Israel's deadly raid on a flotilla of ships trying to break a naval blockade of the Gaza Strip appears likely to complicate U.S. President Barack Obama's efforts to reinvigorate peace negotiations in the Middle East. Analysts say Monday's violence, which killed at least nine pro-Palestinian activists, has inflamed passions in the Arab world and beyond, while creating a crisis in Israeli-Turkish relations.
Middle East analysts say the timing of the commando raid on the Gaza-bound ship containing humanitarian aid is bad both for Israel and the United States.
Middle East expert Steven Cook discusses about the affect of the attack on peace process:
Israeli Prime Minister Benjamin Netanyahu canceled plans to come to Washington Tuesday to meet President Obama at the White House.
The attack also comes as American-mediated indirect talks between the Israelis and Palestinians are just getting underway.
The blockade has been in effect since the violent takeover of Gaza by the militant group Hamas in 2007 and is designed to stop weapons smuggling and rocket fire into the Jewish state.
A spokesman for the Israeli Prime Minister, Mark Regev, says the naval blockade is necessary to protect the nation. "If there were not be that naval blockade, you would have a steady inflow of such dangerous weapons in the Gaza Strip and they would end up being shot at Israeli civilians. So for Israel I don't think I am overstating the case when I say the naval blockade is a matter of life and death," he said.
Israel says its commandos opened fire on activists after they were attacked with knives, iron crow bars and gunfire.
Reva Bhalla, a senior Middle East analyst for the private intelligence firm STRATFOR, says the pro-Palestinian activists in the flotilla wanted to create an international incident. "Israel did, essentially, walk into this trap. It was caught between needing to maintain this blockade over Gaza and not allowing that precedent to break, and risking a major clash, which is what ensued and as a result we have a very, very messy affair," he said.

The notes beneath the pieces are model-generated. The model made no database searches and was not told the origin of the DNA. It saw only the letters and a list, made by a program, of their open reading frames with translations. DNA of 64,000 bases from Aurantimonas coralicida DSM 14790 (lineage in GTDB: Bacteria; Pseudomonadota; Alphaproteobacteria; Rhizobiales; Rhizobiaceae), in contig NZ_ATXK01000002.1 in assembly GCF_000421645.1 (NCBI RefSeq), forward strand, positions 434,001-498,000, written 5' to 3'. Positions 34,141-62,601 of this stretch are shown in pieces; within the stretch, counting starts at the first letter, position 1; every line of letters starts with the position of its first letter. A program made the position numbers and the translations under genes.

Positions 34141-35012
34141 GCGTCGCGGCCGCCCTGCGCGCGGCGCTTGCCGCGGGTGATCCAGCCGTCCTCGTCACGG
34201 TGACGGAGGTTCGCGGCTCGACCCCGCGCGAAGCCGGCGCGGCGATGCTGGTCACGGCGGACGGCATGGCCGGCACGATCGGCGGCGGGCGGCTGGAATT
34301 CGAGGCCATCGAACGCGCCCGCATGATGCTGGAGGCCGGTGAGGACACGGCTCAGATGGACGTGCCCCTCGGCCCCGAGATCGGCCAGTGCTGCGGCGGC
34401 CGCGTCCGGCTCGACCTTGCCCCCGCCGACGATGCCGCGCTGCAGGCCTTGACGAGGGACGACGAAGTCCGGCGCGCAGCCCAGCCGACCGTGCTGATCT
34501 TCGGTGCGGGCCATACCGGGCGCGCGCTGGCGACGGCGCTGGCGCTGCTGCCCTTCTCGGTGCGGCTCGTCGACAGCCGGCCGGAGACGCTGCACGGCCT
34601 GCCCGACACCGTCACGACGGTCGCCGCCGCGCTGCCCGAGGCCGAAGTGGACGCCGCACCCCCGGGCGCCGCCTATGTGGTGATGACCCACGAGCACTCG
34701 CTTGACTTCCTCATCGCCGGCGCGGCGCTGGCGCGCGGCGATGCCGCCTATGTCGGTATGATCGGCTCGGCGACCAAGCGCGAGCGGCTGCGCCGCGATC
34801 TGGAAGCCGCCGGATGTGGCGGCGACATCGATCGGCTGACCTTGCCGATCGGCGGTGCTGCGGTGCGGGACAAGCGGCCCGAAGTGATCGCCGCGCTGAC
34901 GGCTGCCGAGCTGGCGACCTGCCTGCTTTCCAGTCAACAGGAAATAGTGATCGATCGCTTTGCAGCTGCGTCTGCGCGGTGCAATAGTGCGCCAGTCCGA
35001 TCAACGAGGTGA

More attention is now expected on the situation in Gaza, a narrow coastal strip with 1.5 million Palestinians.
Hamas refuses to recognize Israel's right to exist and operates independently of the Palestinian Authority, which controls the West Bank.
Shibley Telhami, the Anwar Sadat Professor for Peace and Development at the University of Maryland, says efforts to revive the peace process are now, at least in the short term, significantly more complicated because of the Israeli raid.
"You have a regional public opinion that is highly inflamed. If you watch the media in the region at the moment, which is highly focused on this issue, it just is shocked by what has transpired. I believe that it is going to make it very hard to get Arab support and coordination," he said.
But Israeli government spokesman Mark Regev says the incident will not have a negative impact on the peace process. "We are ready to continue the peace talks with the Palestinians. We want those peace talks to succeed," he said.
At least four Turks were killed in the Israeli raid and the action has severely strained relations between Turkey and the Jewish state.
Turkey has had close ties with Israel, but relations have been deteriorating for some time.
Turkey's Prime Minister, Recep Tayyip Erdogan, says Israel should be punished for the assault, which he called a bloody massacre.
STRATFOR analyst Reva Bhalla says Turkey is becoming a far more active participant in Middle East politics and standing up for the Palestinian cause is helping the country's image. "How far will Turkey take this? Will they actually break cooperation and relations with Israel? That is something that we really need to watch closely and two, will this Israeli government even survive this crisis?," he said.
Pro-Palestinian activists say they will make another attempt to break Israel's blockade of Gaza very soon.